According to the Washington Post, Flynn met with the special council 19 times after his guilty plea to discuss the investigations as a cooperative witness.
 
Flynn joined the Trump campaign in 2016 and was later appointed Trump's National Security advisor in 2017. This strikes at the heart of Trump's claim that the transgressions revealed so far were from events that happened "long ago" (Manafort, Gates, Cohen) and with people that had 'no part' in his campaign (the 13 Russian nationals, Pinedo). If true, this is yet another link between team Trump and Russia, and suggests that there is a great deal more to come from the special council's office in the months to come.

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Re: United States of Russia?
« Reply #1674 on: December 05, 2018, 09:43:57 AM »
No jail time for Flynn should make it even easier for Mueller to get Trump's long list of indicted buddies to talk . . . I wonder how they will balance that offer against Trump's offer of a pardon.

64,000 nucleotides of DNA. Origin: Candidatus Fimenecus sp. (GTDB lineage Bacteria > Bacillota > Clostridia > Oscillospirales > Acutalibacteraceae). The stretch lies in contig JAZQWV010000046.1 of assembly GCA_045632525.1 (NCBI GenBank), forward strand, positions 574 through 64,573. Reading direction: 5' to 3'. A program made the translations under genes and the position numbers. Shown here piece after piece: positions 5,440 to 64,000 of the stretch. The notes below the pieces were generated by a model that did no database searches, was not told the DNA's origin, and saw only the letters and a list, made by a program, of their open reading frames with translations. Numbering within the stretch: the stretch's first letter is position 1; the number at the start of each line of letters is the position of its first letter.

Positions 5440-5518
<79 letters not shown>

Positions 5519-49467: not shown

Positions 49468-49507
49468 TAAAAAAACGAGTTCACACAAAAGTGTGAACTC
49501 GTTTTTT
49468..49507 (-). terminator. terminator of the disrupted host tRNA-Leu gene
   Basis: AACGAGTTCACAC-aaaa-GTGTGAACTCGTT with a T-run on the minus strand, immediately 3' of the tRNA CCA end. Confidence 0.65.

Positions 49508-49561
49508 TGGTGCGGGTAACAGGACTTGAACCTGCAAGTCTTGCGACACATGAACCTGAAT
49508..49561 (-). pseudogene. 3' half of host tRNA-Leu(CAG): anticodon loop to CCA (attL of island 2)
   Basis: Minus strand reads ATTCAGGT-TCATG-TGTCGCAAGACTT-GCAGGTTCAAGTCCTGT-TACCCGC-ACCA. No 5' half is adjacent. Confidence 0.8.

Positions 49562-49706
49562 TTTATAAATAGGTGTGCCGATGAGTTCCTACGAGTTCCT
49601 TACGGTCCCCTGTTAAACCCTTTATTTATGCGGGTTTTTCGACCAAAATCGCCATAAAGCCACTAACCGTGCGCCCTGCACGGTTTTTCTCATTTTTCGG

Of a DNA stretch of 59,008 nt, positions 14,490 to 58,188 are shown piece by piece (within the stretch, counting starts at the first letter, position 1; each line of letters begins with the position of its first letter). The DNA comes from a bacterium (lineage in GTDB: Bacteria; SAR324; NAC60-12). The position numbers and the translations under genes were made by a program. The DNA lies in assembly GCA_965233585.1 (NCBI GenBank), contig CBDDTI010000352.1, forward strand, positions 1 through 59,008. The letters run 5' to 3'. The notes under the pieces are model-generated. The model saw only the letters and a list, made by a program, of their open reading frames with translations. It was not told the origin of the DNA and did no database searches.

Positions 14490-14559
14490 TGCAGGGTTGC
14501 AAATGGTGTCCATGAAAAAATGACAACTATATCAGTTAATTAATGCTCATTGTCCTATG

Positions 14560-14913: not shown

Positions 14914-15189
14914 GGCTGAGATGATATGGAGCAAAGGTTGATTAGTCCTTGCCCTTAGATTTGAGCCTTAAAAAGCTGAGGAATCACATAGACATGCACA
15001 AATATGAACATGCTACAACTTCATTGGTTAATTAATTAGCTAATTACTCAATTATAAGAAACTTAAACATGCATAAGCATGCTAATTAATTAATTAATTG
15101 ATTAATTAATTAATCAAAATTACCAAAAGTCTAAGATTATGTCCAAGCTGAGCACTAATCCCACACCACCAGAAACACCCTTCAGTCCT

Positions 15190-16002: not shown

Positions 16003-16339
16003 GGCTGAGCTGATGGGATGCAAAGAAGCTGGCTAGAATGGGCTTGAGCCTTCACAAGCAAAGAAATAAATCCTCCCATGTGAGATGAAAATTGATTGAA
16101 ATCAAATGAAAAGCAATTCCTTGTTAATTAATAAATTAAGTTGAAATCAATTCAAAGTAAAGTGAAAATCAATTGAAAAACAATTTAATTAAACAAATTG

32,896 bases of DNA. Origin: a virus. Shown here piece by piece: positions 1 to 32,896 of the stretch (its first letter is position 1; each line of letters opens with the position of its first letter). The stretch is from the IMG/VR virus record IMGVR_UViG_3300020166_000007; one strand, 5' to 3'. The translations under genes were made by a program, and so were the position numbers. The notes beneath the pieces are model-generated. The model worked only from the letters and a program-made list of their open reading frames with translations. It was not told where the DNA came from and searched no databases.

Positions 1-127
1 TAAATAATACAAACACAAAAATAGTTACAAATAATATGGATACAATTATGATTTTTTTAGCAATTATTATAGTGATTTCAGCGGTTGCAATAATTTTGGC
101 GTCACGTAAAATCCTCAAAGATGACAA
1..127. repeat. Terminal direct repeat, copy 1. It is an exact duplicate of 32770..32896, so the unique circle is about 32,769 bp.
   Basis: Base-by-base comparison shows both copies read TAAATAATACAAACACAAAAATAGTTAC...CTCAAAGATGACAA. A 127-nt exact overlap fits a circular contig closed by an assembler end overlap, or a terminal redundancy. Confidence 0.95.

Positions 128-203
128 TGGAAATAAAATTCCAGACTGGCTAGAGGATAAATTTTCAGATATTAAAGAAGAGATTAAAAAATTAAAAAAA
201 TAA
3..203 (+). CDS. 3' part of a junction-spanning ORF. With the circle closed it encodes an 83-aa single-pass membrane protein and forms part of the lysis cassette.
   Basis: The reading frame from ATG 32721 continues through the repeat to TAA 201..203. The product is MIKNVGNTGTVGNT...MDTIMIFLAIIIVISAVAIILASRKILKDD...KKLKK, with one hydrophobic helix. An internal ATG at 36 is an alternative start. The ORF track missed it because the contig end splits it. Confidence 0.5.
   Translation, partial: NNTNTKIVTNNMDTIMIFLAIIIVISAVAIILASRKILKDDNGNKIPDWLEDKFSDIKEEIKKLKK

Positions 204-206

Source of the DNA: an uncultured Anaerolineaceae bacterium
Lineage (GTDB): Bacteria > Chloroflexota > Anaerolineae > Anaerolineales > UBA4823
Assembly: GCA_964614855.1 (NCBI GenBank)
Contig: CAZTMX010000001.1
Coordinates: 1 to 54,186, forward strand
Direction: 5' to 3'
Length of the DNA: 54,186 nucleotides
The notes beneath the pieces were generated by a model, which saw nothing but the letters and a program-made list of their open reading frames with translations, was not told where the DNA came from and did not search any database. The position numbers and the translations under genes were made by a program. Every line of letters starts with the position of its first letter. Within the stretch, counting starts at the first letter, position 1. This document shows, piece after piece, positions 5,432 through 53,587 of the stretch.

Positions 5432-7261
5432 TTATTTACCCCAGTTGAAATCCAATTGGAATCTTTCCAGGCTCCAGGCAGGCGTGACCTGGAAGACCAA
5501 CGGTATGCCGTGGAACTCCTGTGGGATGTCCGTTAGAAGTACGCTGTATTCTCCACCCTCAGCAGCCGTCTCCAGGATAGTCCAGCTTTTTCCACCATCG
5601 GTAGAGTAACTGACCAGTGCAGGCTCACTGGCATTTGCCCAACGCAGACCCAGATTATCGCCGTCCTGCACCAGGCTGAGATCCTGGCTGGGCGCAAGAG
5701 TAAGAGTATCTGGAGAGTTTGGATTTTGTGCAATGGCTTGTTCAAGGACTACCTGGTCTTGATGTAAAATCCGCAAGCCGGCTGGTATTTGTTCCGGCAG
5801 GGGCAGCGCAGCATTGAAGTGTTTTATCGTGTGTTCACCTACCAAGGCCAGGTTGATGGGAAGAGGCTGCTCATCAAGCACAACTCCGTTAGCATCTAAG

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Re: United States of Russia?
« Reply #1676 on: December 05, 2018, 10:29:12 AM »
The only real reason I can think that Trump is so beholden to Putin is that they have dirt on him.  Not some salacious sex tape, which he could probably bluff his way out of.  More like decades of corrupt money laundering and flagrant law breaking, which is so comprehensive, detailed and true that Trump knows one leak from the Russians will mean he, his family and most of his friends will go to prison for the rest of their lives.